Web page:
Central African Republic (OpenDemocracy) – As evidence of UN peacekeepers’ sexual violence against Black African women and girls grows, media reporting and research reinterprets this as ‘transactional sex’, through the logic of colonialism.
A few months ago, the campaign #predatorypeacekeepers started on social media. It followed a report from a Canadian AIDS charity accusing UN and French troops in the Central African Republic (CAR) of sexually abusing at least 98 girls. The damning report alleged that three girls had been tied up and forced to have sex with a dog, that one of the victims subsequently died and that many of the abuses were orchestrated by a French General. Since publication, more victims have come forward. Many spoke of degrading sexual acts including soldiers urinating on the victim’s body or in her mouth.
Allegations of sexual misconduct by UN soldiers have been documented in most of the countries where UN peacekeeping troops serve. However, what seems striking in CAR is the alleged involvement of senior officers and the age of the victims. In December 2015, an Independent Panel produced scathing findings on the way the UN had responded to the allegations in CAR. It identified systematic failures and highlighted a culture of impunity, inadequate investigatory mechanisms and unsatisfactory structures to support victims. There has been no public update by the UN on the progress made in implementing the recommendations of the Panel. The few prosecutions have exclusively been of (Black) African Peacekeepers. White predatory peacekeepers, it appears avoid accountability.
‘Transactional sex’ and fallacy of consent
Both social and legal definitions of rape are centred, if only partly, on the notion of consent. One way to nullify rape is to establish consent or to effectively blur its boundaries. This is achieved in relation to the victims of predatory peacekeepers when sexual relations between Black/African women and UN soldiers are described as transactional. In ‘transactional sex’, one party gets sexual access to another person’s body in exchange for gifts and/or other goods. As there is a material gain (usually for the women) consent is thus deemed to be present. Any quick internet search reveals that the media has been awash with headlines of transactional sex.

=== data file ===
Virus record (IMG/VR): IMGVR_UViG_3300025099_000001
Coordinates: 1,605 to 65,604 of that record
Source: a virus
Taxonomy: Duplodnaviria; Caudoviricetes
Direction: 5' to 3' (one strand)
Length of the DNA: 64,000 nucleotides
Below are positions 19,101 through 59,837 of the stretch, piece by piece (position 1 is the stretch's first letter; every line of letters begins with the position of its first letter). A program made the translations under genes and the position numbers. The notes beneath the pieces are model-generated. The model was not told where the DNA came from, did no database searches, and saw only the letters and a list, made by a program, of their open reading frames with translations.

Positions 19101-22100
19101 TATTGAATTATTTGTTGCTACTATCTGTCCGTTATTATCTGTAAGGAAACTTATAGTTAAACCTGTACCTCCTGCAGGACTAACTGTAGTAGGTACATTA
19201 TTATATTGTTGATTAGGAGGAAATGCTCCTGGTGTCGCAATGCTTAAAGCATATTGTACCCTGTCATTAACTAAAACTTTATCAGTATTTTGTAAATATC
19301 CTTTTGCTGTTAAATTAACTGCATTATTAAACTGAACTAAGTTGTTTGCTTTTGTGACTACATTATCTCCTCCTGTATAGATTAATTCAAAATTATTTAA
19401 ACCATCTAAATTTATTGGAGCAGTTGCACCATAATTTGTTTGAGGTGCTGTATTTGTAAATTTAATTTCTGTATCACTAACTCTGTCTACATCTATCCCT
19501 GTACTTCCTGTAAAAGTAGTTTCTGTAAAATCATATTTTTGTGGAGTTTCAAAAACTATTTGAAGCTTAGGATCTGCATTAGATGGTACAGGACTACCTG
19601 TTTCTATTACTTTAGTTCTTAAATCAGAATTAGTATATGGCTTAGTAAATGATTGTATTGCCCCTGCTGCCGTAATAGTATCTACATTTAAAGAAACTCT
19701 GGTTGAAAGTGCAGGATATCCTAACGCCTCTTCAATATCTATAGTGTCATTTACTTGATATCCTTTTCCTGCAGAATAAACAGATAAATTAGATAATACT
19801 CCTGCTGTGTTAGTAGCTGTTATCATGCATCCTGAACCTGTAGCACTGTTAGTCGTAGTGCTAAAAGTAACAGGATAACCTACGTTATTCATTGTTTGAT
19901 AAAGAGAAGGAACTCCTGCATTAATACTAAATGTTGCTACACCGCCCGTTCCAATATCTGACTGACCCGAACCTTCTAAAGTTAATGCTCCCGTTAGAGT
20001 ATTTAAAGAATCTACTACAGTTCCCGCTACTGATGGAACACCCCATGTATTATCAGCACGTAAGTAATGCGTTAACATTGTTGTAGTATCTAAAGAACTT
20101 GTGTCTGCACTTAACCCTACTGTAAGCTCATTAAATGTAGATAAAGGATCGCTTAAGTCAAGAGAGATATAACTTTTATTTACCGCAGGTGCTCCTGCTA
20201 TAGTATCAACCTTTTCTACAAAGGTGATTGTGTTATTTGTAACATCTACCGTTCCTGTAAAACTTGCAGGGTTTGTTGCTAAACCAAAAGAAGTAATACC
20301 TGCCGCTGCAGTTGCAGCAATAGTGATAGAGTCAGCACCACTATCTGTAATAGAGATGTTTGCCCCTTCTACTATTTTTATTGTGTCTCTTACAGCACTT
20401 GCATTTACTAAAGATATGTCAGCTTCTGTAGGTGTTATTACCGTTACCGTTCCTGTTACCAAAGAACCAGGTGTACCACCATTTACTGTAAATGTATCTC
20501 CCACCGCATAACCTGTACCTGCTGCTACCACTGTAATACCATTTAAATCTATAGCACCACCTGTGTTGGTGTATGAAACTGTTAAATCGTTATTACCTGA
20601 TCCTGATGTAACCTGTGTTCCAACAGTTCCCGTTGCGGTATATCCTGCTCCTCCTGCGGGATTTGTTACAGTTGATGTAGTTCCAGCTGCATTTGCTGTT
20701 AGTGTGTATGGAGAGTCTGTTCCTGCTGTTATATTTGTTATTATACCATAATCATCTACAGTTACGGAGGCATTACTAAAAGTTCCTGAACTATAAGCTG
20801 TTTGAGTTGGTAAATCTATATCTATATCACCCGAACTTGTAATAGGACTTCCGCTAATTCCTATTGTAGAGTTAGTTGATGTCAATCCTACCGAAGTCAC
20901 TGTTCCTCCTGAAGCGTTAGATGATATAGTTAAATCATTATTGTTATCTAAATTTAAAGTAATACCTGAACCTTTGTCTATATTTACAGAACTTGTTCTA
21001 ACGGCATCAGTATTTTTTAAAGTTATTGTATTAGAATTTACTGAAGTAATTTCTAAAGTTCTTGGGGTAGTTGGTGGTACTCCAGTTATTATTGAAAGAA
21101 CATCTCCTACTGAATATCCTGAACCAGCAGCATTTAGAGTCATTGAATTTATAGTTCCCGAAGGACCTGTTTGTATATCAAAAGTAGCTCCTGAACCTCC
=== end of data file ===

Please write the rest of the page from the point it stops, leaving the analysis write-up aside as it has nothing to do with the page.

Reporting sex in exchange of goods, and luxury goods and/or mobile phones, in particular does more than imply consent. It invites public judgements around the morality of the victims and, reproduces ‘misogynoirist’ associations between black womanhood and materialism. This taps into implicit prejudices and bias and reduces cognitive dissonance. The last link above, by Cage, refers to a research project conducted in 2012 on the prevalence of this so called ‘transactional sex’ in Monrovia (Liberia) during the civil war. The study estimates that 58 000 women aged between 18 and 30 had engaged in ‘transactional sex’ with UN personnel at some point and that over half were below 18 on the first occasion. Despite this, the words rape or consent are notably absent in this piece. Similarly, allegations in Haiti involved children but again media reports of ‘transactional sex’ were written with no reflection on the presumption of consent.
Age differences are a major source power differential, which is just one of the reasons why sexual offences against minors are specified in most penal codes. Given that such offences exist in most nations it is extraordinary that the potential that such acts might be sexual abuse of children is rarely broached. In addition to age, a number of contextual constraints should lead to questions about the validity of consent.